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Oil causes more than 2,200 Gulf beach closings or warnings, 10 times more than last year

Gulf beaches from Louisiana to the Florida Panhandle have been closed or slapped with health warnings nearly 10 times more often this summer than last because of oil from BP's massive deepwater leak, according to a report Wednesday by a national environmental group.

While many beaches were spared, more than 2,200 closings, health advisories or notices were issued by state or local authorities through Tuesday because of oil from the nearly three-month-long spill. That compared with 237 closings and advisories in the same period last year, mainly due to bacteria or viruses in the water, according to the Natural Resources Defense Council's annual survey of beach water quality.

The NRDC report said the oil spill affected 49 of 253 beach segments it monitors in Louisiana, Alabama, Mississippi and Florida. Texas beaches haven't had any advisories or closings so far.

Tar balls, oil sheen, globs of crude and petroleum smells have marred some beaches in the stretch since the disaster began with an April 20 drill rig explosion that killed 11 workers. BP finally capped the well July 15, a temporary measure until the gusher can be plugged underground, but government scientists estimate between 94 million and 184 million gallons of oil poured into the Gulf.

There has been no clear downward trend in warnings or closings since the cap stopped crude from pouring into the sea, the group said. Oil remains in the water and the incidence of beach landings goes up and down.

There is little distinction between closings and advisories because it's up to each state to determine whether they want to close a beach or issue a health advisory for swimmers and beachgoers, according to the study.

The organization typically studies bacteria and viruses at popular beaches. The health effects of oil can be similar: rashes, nausea and stomach ailments, said the organization's program director David Beckman. Oil also poses long-term neurological and reproduction risks.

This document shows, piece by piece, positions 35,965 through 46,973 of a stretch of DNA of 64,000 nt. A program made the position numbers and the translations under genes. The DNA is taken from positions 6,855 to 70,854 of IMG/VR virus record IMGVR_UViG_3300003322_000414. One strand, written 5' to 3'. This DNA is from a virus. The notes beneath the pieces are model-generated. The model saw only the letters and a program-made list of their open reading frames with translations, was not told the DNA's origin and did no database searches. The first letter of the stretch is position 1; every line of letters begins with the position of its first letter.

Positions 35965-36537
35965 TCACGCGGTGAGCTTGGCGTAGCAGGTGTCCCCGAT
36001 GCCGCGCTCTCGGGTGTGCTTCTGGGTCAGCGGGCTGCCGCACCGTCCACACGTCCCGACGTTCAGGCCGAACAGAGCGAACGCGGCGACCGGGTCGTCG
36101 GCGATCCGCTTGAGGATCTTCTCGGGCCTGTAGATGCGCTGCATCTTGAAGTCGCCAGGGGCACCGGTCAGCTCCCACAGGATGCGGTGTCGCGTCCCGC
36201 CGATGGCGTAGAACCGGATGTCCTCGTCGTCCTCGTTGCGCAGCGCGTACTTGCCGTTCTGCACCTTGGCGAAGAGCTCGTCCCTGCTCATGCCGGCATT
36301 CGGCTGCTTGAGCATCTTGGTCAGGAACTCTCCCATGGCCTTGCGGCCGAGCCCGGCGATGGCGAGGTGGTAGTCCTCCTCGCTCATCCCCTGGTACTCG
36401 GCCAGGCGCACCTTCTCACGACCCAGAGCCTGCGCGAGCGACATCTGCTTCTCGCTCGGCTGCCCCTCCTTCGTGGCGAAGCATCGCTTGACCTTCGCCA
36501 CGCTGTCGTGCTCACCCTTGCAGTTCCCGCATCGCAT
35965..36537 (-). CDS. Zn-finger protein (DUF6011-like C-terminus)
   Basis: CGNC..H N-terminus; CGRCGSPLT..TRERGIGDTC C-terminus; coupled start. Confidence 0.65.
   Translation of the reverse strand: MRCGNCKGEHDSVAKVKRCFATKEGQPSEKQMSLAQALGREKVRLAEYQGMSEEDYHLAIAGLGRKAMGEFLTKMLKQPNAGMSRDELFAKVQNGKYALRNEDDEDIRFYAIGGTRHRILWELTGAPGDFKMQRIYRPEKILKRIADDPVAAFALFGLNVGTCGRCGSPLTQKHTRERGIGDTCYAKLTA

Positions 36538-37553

"The visual image of seeing oil on a beach or smelling that kind of industrial oil at a place that you go to escape from the city to enjoy nature is really an assault on the senses," Beckman said.

Louisiana beaches were the hardest hit: 11 of the 28 monitored beach segments have been closed this year, with 793 combined days of closings compared to 180 advisory days this time last year.

In Alabama, there were 307 combined days of beach advisories, compared to no advisory days at this time last year. Gulf Shores Public Beach in Alabama was the only beach along the Gulf Coast to receive the organization's 5-star rating for water quality, based on 2009 data, but has been closed for 53 days due to the oil spill, according to the study.

Florida, which relies most on beachgoers to drive tourism dollars, had only 16 of its 180 beaches in the western part of the Panhandle impacted, resulting in 442 days of advisories. That compares to no advisory days for the same time last year.

Still, tourism officials as far south as Miami say they're losing business because of a public perception that oil is a threat, even though no crude has landed beyond the western Panhandle.

At least 60 percent of vacation spending in Florida during 2008 was in beachfront cities. Worried that reports of oil would scare tourists away, state officials are promoting interactive Web maps and Twitter feeds to show travelers — particularly those from overseas — how large the state is and how distant their destinations may be from the spill.

First Lady Michelle Obama walked barefoot along a Panhandle beach this month to encourage wary tourists to visit and she, the president and their two children are planning a Panhandle vacation next month.

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